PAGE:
The only thing green about fake grass is the colour

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As an intermittently active verge gardener, I applaud people who care enough about their streetscape to look after the patch outside their front fence. At home we have low-maintenance native trees, shrubs and ground covers.

Some people put in much more effort growing kerbside kitchen gardens. It always gladdens my heart to see them, especially because of the trust involved in planting produce in a public place. The expectation must be that the harvest will be shared, but not plundered.

Others care for patches of lawn, mowing and watering and edging, and, while less interesting to me than shrubs and veges, verge grass has its place. But I draw the line at plastic.

A councillor recently sought to change the rules that forbid the use of synthetic grass on verges in the Marion council area. The issue went to the vote but a decision was deferred until later this month.

Cr Luke Hutchinson was behind the motion to change regulations that he supported when they were introduced last year. He’d had a change of heart, he told Louise Nunn of the CoastCity Weekly Messenger, because he believed fake turf could help to achieve council’s goal of greener streets.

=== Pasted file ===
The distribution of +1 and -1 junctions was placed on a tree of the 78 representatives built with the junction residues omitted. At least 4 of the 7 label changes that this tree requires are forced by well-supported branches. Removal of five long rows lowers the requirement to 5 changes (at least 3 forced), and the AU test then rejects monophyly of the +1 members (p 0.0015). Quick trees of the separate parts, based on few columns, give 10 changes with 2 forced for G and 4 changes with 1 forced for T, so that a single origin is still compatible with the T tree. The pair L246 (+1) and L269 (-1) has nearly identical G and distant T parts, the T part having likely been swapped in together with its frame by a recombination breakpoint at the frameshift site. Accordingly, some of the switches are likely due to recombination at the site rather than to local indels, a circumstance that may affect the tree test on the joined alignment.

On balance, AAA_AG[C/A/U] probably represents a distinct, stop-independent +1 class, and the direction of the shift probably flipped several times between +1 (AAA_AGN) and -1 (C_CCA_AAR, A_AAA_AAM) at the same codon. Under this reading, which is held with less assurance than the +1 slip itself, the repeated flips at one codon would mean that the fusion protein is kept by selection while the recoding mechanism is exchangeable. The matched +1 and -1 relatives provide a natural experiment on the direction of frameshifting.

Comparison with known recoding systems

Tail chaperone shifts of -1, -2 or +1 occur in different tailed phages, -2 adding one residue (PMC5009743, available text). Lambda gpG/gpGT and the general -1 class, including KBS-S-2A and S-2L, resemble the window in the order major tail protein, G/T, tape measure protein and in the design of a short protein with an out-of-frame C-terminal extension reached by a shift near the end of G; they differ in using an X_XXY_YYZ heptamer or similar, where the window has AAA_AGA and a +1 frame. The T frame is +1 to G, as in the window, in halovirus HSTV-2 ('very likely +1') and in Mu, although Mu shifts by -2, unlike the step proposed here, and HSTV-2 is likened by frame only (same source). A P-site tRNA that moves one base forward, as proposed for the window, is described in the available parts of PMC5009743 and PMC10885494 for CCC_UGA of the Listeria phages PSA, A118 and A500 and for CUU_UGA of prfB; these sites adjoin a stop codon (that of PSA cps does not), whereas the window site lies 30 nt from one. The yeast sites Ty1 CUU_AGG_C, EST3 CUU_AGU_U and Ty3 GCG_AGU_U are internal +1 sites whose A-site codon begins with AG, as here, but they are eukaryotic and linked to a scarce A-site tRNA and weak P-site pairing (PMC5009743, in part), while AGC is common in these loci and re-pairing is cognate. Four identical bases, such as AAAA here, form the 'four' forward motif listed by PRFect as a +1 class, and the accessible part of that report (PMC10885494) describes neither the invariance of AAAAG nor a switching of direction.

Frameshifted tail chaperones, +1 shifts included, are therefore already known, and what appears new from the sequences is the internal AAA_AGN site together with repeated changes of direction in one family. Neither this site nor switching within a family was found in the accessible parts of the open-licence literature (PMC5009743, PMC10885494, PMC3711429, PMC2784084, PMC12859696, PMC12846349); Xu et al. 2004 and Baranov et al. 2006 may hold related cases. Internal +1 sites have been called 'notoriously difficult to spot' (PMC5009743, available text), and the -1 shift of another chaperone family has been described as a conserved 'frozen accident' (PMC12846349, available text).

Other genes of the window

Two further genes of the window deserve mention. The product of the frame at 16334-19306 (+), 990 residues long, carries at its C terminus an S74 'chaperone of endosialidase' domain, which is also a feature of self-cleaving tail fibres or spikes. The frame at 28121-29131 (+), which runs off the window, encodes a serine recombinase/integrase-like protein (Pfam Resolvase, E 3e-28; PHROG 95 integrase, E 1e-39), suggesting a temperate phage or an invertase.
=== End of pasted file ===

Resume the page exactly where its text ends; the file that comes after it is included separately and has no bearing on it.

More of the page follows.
What is he thinking? The only thing that’s green about fake grass is the colour. Don’t be swayed by the pitch that it’s a sustainable alternative to grass because it doesn’t need mowing (by greenhouse gas-emitting machines) or require the application of pesticides and herbicides. Instead, let’s just count the ways that make this proposal a bad idea. First, synthetic grass is yet more plastic in a world overrun with the stuff.

Apart from the emissions involved in its manufacture – it is, after all, a petrochemical product originally developed by none other than Monsanto – its particles break down and can end up in our waterways. And it can also emit nasty chemicals.

Sure, it has holes in it, but it can increase run-off, and it starves the soil and tree roots of water and nutrients. And try walking on it on a hot day. Even on mild days, it gets so hot that it kills the vital soil microbes and fungi so important to trees’ health. That’s if they haven’t already been killed off by the compacting that’s recommended as part of the installation.

Source, Image & More: https://www.adelaidenow.com.au/

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